Erosion and Acidic Drinks

Jun 15, 2016

cans of soft drinkIs there evidence of acid erosion affecting some or all of your teeth.  Erosion is defined as loss of dental enamel and dentine by a chemical process which does not involve bacteria.

Erosion is progressively destructive, until  loss of tooth substance becomes clinically obvious.  First signs of the problem may be sensitivity of exposed dentine on the top of the tooth or at the gum line, or a deteriorating appearance of the teeth. Erosion is frequently associated with abrasion and attrition and these conditions may be exacerbated in the presence of erosive factors.

Clinical appearance

The earliest detectable change is diminished lustre of the tooth surface.  Continued erosion leads to smoothing out of the  developmental pits and grooves in enamel.

Advanced erosion results in exposure of dentine.  There is often extreme, intractable hypersensitivity.  In teeth with small filling, erosive loss of tooth substance results in a characteristic appearance of prominent fillings ‘standing proud’ as the surrounding tooth structure is destroyed.  Exposed dentine is less resistant to acid than enamel and so erodes faster.  The concavities on the occlusal and incisal surfaces are known as ‘cupping’.


Essentially, erosion is caused by the action of acid on the teeth often combined with a reduction in the amount of saliva present.  Saliva is our body’s natural defense against excess acid on our teeth.

Acid may come from a number of sources.

  1. Diet:
    • The main source is drinks and acidic
      fruits and juices with low pH and high buffering capacity. e.g
      citrus fruits…oranges, lemons, grape fruit; also pineapples, apples etc,
      Cola-type drinks.
    • Wine is acidic:wine tasting can be a special problem.
    • Vitamin C  tablets (ascorbic acid), should not be chewed.  Food and drinks rich in vitamin C can be quite acidic.
    • Some herbal teas may be quite erosive.
  2. Dental Plaque.
    • The bacterial film growing on teeth
      produces acid when there is sugar in the mouth.  This acid is usually of
      low concentration and results in demineralisation of the tooth below
      the surface (traditional tooth decay).  This source is unlikely to be a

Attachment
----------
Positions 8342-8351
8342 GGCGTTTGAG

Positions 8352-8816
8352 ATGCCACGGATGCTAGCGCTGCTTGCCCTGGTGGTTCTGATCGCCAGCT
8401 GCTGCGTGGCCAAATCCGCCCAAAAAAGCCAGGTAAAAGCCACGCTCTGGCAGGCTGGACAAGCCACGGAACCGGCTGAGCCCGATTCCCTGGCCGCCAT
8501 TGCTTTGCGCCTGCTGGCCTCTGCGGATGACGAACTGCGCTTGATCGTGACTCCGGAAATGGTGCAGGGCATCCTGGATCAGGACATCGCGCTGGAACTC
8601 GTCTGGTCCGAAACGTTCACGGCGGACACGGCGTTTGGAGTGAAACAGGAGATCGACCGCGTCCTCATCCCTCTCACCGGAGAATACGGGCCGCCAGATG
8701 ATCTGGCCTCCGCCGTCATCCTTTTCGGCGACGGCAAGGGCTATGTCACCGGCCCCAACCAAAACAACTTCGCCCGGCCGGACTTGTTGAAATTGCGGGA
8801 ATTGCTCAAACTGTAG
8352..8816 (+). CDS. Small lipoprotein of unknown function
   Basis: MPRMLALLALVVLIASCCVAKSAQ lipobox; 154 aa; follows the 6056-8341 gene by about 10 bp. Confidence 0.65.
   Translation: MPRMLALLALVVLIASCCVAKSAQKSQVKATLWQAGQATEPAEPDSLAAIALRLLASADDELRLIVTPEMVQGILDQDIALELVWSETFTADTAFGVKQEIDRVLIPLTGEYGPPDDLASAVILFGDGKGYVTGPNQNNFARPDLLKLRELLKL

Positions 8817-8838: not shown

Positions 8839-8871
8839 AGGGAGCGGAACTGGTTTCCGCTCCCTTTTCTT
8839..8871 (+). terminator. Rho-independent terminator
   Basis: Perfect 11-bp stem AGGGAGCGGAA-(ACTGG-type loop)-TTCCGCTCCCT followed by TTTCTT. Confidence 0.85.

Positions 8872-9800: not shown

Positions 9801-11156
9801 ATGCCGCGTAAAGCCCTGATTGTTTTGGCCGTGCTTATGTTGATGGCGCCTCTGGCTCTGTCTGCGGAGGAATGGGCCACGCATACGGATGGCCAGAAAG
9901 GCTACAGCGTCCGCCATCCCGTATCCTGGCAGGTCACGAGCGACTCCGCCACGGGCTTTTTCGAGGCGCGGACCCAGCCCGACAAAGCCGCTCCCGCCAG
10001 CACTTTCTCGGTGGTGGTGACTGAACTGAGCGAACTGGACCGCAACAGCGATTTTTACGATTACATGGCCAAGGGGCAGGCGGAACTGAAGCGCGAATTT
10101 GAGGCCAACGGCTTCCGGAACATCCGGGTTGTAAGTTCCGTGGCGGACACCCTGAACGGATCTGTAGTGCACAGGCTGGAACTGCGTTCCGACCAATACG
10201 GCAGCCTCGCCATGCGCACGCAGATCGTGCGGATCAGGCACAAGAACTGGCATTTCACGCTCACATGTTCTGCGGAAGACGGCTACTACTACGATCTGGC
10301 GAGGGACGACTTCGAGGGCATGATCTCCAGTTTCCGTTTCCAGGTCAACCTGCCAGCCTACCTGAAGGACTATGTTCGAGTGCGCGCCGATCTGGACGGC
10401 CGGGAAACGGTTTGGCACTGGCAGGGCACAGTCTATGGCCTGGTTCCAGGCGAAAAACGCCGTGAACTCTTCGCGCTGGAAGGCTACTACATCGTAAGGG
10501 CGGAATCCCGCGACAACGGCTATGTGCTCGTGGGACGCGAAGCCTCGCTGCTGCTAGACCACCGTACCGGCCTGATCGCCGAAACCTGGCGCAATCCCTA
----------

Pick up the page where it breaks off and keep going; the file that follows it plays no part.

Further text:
major contributor to erosion.
  3. Gastric Acid.
    • Gastric acid reflux is said to occur
      in 80% of adults.  Symptoms such as sore throat, hoarseness, posterior
      nasal drip, sinusitis maybe associated with acid irritation of the
      throat, nose and sinuses.  Gastric reflux is more likely to occur when
      the stomach is full ( large meals including carbonated drinks ) or when
      lying down (sleeping).
    • Anorexia nervosa and bulimia nervosa
      may result in more frequent vomiting.  Other systemic problems such as
      hiatus hernia, gastric ulcer, renal dysfunction and gastritis have been


Saliva has an important modifying role in erosion.  Impaired saliva function may exacerbate the progress and severity of erosion.  Saliva flow rate and buffering capacity are the two major factors to assess salivary function.

Impaired salivary flow may result from the use of prescription and non-prescription drugs including smoking and excessive caffeine and alcohol use.  Relative dehydration associated with high protein diets having a laxative and diuretic effect, strenuous exercise will effect saliva flow.


Treatment is aimed at

  • reducing acid exposure to the teeth,
  • increasing saliva,
  • increasing the resistance of the teeth to acid attack by increasing the amount of fluoride on the tooth surface, and
  • increasing the mineral content of teeth by applying calcium cream (eg Tooth mousse, Clinpro)

Acidity of commonly available drinks:

Source: ADA Newsletter No. 241, 1997.

Drink                            EHS pH

Coca Cola regular                       3.0

Diet Coke                                    3.2

Fruitopia                                     2.8

Powerade(Orange)                    2.9

Mt. Franklin Spring Water          4.8

Cordial (diluted with Water)        3.2

Iso Sport Citrus Fruits                3.0

Iso Sports Lite Lemon Lime        3.0

Dura Fuel Isotonic Energy Drink 2.9

Gatorade Lemon Chill Flavour    2.9

Lemon Energiser Sport Drink      2.9

Lucosade Lemon                        3.4

Milk (whole milk)                          6.6

Schweppes Sports Plus              3.2

Stanley Cask Wine Riesling        3.2

Fosters Light Ice (Beer)              4.0

Victoria Bitter (Beer)                   4.2

Adalaide Tap Water                    6.8

Manufacturers pH

Coca Cola         3.0-3.5

Coca Cola         3.0-3.5

Coca Cola              3.4

Coca Cola              2.9

Coca Cola        6.5-7.5

Berrivale          3.6-3.8

Berrivale          2.9-3.3

Berrivale          2.9-3.3

Aussie Bodies        3.0

Pepsi Cola       2.9-3.3

AWD      Not Supplied

Smith Kline            3.2

Dairy Vale              6.6

Schweppes            3.0

Leasingham           3.2

Carlton&United      4.2

Carlton&United      4.2

SA Water              7.2

B.D.Sc., L.D.S., M.Med.Sc., PhD, F.R.A.C.D.S

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